My heart skipped a beat, literally. I felt my heart falter, then right itself again, for the only time in my recollection.
It was January 1984, and I was privileged to witness the cliff diving spectacle in Acapulco, Mexico in person. You might have seen this event on television, as I had in my childhood. It's been aired many times on various sports programs. This sounds cliché, but I can vouch for this truth in this case: you don't really GET the full thrill of it unless you're seeing it with your own eyes. The inlet where they dive is tiny and extremely narrow, and many aspects of it fool the eye, especially the eye of a viewer like me-I don't have great "spacial sense" anyway. It seems like a jump too far out will cause the diver to crash into the opposite side's rock wall, while a leap that doesn't gain enough distance from the edge will send the diver to his death against the rocks below on his own side of the V-shaped crag.
The divers climb barefoot up the cliff opposite the audience, a handhold at a time, then they make a show of praying at a small shrine atop the cliff, and then the wait begins---a long period of walking, stretching, testing the wind, and building up the suspense.
Finally, the first diver made his leap---a beautiful swan dive, and one of those rare elasticized moments occurred. Time stretched itself out, and he seemed suspended, impossibly frozen in mid-air, and my heart did its thing. I thought he had made an error that would prove to be fatal---a jump too far, or not far enough. I thought he might possibly not shred himself on either cliff face, but the rocks below would claim his life, or the water surface impact would... And I felt that odd mixture of feelings---sorry that he was going to die, wincing at what it was going to look like, but mildly excited to be an eyewitness to an event that would "make the news."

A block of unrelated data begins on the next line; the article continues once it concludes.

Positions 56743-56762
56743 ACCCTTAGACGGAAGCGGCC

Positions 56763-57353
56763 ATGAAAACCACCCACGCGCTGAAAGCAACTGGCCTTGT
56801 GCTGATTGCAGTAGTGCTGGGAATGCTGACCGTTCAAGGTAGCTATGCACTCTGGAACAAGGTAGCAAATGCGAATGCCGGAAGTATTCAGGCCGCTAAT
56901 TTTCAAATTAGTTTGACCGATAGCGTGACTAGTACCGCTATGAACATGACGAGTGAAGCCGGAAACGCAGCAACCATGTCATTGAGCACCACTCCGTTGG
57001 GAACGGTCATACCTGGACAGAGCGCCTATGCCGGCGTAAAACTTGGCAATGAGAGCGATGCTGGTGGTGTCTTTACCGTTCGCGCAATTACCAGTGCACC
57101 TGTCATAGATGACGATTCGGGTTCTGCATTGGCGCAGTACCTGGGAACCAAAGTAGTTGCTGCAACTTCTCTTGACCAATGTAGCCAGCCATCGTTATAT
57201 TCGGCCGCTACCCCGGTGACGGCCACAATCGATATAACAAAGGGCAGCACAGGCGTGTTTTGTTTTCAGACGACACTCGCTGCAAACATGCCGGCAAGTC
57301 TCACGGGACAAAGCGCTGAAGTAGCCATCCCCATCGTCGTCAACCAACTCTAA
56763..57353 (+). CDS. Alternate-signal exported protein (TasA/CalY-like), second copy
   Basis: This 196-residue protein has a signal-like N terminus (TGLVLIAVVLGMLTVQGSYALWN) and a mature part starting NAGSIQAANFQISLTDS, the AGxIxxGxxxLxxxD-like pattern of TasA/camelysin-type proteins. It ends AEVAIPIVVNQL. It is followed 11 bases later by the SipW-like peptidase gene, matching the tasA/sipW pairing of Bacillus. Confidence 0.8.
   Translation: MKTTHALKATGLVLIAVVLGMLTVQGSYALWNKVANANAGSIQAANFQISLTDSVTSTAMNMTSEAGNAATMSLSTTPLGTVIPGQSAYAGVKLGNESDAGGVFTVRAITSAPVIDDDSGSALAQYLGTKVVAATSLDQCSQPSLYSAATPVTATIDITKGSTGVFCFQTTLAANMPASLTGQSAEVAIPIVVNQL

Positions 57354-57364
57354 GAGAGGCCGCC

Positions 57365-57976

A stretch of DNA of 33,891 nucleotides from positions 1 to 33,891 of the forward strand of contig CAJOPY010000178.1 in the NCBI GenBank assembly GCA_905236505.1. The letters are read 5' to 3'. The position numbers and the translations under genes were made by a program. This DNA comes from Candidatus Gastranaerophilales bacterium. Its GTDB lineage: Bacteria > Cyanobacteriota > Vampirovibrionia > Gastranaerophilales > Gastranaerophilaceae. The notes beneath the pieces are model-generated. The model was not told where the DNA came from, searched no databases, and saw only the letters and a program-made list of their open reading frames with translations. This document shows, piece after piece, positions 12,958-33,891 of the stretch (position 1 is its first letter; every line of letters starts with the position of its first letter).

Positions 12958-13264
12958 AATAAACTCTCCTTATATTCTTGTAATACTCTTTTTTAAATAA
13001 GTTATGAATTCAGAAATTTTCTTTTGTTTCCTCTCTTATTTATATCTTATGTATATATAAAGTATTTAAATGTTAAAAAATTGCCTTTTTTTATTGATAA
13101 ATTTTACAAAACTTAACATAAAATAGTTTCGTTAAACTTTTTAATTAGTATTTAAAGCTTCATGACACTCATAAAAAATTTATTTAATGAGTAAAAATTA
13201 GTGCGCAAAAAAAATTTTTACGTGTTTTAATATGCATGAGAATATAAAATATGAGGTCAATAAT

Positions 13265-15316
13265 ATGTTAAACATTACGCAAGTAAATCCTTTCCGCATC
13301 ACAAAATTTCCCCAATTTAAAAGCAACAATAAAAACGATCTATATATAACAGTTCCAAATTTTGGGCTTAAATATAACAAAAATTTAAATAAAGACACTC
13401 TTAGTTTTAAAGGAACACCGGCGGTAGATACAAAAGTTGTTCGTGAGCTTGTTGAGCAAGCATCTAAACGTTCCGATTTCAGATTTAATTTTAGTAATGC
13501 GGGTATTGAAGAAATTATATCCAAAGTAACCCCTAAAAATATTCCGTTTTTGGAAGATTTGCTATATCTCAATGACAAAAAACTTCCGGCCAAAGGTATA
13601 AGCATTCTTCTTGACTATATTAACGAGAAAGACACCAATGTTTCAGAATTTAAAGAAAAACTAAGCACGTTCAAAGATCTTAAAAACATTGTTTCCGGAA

My heart's so-far ceaseless drudgery began again, time creaked back into its rhythm, and the diver obeyed the laws of gravity, arcing down into the water. And he popped back up, smilingly waving at the crowds, just seconds later. No ugly catastrophe, no tragedy!
That evening I couldn't sleep, as my mind kept tugging at a by-then familiar personal debate of mine. Whenever I've witnessed acts we would now categorize as "extreme sports," like skydiving, bungee jumping, etc., I've always wondered some things: Who thinks up this stuff? How many died before the first successful participant? (Successful, in this instance, meaning, "lived to tell about it.") How, exactly, does the world move from "Don't jump out of a plane, you'll die" to "Jump out of a plane---it's great!" in one day?
The answer is: you can now jump out of a plane (or off a cliff or a bridge) and live through it, even enjoy it, because someone else did it BEFORE you. Someone showed you the way---all you have to do is follow the example of the instructor, remember your training, and use the equipment provided, equipment that has been perfected for this very purpose through trial and unfortunate error.
Is an analogy between cliff diving and discipleship crystallizing for you by now? We can be disciples and live through it, even enjoy it, because Someone did it before us---Someone showed us the way. In fact, He referred to Himself as "The Way, the Truth, and the Life." When in doubt, follow the example of the Instructor, remember your training (the earliest Sunday School lesson you can remember all the way through to last night's Bible study), and use the equipment provided, which is God's word, prayer, encouragement from other parts of the Body, . . .